France is re-introducing tighter rules on arrivals from the United Kingdom who are not French residents to curb the spread of COVID-19, notably its Indian variant, the foreign ministry said on Thursday.
Britons and other non-EU arrivals will again have to prove that they have a "compelling reason" to enter France, it said.
The ministry did not define "compelling", but the government has previously said that family, health or professional reasons could be acceptable.
France had relaxed that requirement in March for the U.K. as well as a number of other non-members of the EU, which Britain left last year.
But again from Monday "compelling reasons will be required for non-EU foreigners who are not residents in France and who come to France from the United Kingdom," the ministry said in a statement.
It said in addition that those visitors would have to self-isolate for seven days on arrival.
The ministry added, however, that, for now, there would be "no systematic checks" to ensure compliance with the requirement, "given the low incidence of COVID-19 in Britain."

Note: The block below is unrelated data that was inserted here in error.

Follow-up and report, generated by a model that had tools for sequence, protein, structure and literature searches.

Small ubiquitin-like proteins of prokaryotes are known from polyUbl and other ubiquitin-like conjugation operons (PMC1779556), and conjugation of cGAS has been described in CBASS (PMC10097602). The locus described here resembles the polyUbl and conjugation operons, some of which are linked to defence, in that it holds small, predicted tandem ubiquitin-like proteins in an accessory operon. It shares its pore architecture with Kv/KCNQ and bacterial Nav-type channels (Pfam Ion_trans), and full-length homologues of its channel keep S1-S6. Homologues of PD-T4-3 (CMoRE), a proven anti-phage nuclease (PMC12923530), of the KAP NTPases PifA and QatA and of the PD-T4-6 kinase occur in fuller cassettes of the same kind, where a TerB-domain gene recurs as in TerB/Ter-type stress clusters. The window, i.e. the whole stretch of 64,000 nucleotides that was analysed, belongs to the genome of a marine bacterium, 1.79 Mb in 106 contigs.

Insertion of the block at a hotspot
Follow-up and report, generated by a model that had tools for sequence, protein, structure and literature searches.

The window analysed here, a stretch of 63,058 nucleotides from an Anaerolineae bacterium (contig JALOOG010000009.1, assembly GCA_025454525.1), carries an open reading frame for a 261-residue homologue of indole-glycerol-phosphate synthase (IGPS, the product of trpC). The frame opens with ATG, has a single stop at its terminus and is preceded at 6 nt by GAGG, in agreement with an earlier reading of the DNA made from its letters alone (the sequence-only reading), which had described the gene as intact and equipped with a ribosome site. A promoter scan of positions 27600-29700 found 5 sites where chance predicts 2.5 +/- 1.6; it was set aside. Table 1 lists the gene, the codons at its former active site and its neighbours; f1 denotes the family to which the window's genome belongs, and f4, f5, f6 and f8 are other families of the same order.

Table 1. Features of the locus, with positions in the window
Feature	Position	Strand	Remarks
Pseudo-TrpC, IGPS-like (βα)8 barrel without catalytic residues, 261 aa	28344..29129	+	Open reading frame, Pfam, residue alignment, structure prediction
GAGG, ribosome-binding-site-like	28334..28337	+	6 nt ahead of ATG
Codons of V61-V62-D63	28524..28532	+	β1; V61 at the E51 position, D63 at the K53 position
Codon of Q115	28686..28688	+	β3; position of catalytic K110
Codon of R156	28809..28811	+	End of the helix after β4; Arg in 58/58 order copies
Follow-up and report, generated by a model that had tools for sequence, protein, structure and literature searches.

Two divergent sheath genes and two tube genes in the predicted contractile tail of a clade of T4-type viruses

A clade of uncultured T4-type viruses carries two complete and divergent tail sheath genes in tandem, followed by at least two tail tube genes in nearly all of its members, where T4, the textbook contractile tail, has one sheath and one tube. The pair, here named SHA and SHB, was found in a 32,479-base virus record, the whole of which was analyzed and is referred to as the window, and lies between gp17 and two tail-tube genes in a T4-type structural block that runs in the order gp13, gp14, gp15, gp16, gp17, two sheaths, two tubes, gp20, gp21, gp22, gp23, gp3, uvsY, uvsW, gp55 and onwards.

Visitors from the U.K. will still need a PCR or antigen test less than 48 hours old to be allowed into the country.
The French move comes after Germany said that travelers arriving there from the U.K. have to submit to a quarantine period of two weeks, regardless of whether they can provide a negative test result for the virus.
A French quarantine order is already in place for arrivals from Brazil, India, Argentina, Chile, South Africa, Colombia, Uruguay, Costa Rica, Bahrain, Turkey, Bangladesh, Sri Lanka, Pakistan, Nepal, the United Arab Emirates and Qatar.
Police are authorized to carry out random spot checks to ensure that quarantine rules are respected, with non-compliance punished with fines of up to 1,500 euros ($1,800).
The coronavirus variant first detected in India has now been officially recorded in 53 territories, a World Health Organization report showed Wednesday.